Chinatown Restaurant (Kínai Negyed Étterem)

Chinatown Restaurant, which opened in 1991, was one of the first Chinese restaurants in Budapest. Although not in the city center, it's closer to downtown than other authentic Chinese places (the restaurant's name is misleading, because it isn't in Budapest's Chinatown). Be sure to take the main entrance, else you might end up in the takeout section, where cheaper, but watered-down dishes cater to local tastes and wallets.

Much of the long menu consists of fiery Sichuanese dishes, which are prepared reliably and well. I enjoyed the lazi ji (€7) and the Yuxiang shredded pork (€7) in particular. The other plates are an arbitrary collection of dishes that have proven to be the most popular over the restaurant’s long history—two of the best ones are the Yangzhou-style “lion’s head” meatballs (€8) and the "Dongpo" braised pork belly (€6 for two pieces).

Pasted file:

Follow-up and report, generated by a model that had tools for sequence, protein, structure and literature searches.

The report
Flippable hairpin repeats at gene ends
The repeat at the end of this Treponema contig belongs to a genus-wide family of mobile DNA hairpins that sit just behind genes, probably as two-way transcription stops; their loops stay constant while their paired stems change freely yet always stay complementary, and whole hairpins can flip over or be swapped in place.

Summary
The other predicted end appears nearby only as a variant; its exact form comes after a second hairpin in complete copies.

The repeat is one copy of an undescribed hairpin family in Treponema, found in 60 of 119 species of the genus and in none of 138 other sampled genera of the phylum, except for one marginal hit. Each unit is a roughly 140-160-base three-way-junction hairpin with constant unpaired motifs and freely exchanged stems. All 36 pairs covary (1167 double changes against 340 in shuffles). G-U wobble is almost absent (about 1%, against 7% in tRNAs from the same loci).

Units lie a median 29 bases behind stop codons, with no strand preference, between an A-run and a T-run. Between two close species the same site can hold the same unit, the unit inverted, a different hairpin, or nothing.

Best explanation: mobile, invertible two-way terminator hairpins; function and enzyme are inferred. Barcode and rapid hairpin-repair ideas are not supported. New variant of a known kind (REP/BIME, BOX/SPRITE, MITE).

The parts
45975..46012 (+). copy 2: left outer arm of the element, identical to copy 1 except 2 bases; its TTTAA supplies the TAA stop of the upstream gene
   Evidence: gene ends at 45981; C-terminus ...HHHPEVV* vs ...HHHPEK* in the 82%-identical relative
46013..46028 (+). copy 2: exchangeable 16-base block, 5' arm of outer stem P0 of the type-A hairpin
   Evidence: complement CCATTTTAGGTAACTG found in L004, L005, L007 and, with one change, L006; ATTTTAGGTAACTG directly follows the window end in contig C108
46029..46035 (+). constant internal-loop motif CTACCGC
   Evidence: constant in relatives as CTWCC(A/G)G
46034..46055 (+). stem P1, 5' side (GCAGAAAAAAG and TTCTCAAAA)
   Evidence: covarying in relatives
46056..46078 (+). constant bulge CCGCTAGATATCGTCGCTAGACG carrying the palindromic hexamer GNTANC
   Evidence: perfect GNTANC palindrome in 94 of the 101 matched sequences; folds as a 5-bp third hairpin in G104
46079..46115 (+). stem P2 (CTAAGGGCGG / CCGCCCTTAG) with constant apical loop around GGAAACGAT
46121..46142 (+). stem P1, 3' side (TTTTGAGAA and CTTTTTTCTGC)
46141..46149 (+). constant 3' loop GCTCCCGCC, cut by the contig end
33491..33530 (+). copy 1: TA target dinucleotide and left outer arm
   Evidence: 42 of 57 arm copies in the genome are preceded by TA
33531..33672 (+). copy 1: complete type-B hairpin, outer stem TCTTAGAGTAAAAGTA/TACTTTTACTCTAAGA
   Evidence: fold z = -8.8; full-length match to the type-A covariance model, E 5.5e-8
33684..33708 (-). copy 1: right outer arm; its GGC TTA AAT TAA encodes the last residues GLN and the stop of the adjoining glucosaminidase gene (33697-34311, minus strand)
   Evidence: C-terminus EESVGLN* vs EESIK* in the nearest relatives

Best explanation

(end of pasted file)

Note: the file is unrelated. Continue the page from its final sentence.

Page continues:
Chinatown's interior hasn’t changed much since the 1990s, when curved-roof ornaments were the obligatory design elements in Chinese restaurants across Hungary and Austria. Note that Chinatown Restaurant is almost always packed with large Chinese tourist groups, who seem to be in constant motion, which can detract from the dining experience. Cash only!